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    re the mailing to yourself issue, don't just take my word on it, check it out at the source!

    on the gov't copyright site www.copyright.gov you'll find in the faq or basics section the official word on what is known as 'the poor man's copyright'...

    and if you want to find out how much weight electronic files might have in court [if any], consult a literary attorney...

    if you want to rest easy knowing you've protected your work the best way possible, then follow my advice, which is what most writing pros and attorneys would tell you, imo...
     
  24. JamesOliv
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    JamesOliv Senior Member

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    It costs $35 to register your work via the Internet.

    I'm not sure why people feel the need to cheap out when it comes to copyright registration. Doing it right takes much less time and effort than standing in front of a judge trying to assure him/her that the Manila envelope in your possession proves your case.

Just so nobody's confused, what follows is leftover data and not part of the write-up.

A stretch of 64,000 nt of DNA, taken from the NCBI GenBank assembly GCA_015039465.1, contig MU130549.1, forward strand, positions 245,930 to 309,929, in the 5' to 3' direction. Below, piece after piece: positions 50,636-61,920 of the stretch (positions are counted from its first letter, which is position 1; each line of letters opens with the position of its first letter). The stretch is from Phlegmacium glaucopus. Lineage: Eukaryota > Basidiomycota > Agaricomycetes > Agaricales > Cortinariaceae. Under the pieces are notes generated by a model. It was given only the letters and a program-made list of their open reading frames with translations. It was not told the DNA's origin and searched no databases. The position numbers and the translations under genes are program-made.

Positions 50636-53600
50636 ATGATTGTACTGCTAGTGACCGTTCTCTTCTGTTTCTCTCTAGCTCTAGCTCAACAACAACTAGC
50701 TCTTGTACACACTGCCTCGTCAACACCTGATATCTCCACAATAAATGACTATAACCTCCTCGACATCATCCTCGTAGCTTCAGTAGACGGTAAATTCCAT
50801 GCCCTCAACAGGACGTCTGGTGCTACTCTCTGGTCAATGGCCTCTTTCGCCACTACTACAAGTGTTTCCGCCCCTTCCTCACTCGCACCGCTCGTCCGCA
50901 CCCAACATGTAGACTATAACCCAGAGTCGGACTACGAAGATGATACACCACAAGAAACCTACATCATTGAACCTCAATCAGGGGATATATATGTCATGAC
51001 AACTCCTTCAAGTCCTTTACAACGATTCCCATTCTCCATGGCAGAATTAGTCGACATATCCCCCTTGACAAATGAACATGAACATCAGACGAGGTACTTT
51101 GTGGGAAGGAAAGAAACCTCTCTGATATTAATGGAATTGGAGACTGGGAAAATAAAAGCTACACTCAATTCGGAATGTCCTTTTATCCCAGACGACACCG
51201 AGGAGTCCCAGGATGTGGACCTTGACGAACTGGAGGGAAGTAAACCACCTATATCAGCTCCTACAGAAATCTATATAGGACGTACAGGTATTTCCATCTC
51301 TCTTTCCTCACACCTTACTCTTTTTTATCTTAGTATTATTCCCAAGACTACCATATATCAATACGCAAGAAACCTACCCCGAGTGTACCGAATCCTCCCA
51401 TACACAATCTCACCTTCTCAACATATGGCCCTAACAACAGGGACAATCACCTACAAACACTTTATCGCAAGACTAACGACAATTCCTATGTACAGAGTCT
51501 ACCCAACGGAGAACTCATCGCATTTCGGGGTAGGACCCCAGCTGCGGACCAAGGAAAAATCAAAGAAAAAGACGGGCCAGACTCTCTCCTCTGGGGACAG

Just register the work.
     
  25. mammamaia
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    mammamaia nit-picker-in-chief Contributor

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    other than for film/tv scripts and possibly songwriting, there's no good reason to spend that money before you have a publisher for the work... think about how many pieces of work you may turn out in a year's time, multiply that number by $35 and you'll see why it makes no sense...

    your work is protected by copyright without that copyright being registered, so why go to that bother and expense, when all it does is cover some issues and benefits that only take effect if your work is actually stolen or plagiarized and you sue the perp...

    read up on exactly what registering does and does not do at the source: www.copyright.gov

    the most major down side of registering something before it's published is that dates it, so if it you're still submitting it more than a year later, those you submit to will know you were unable to get a publisher interested in it... which would definitely be counterproductive...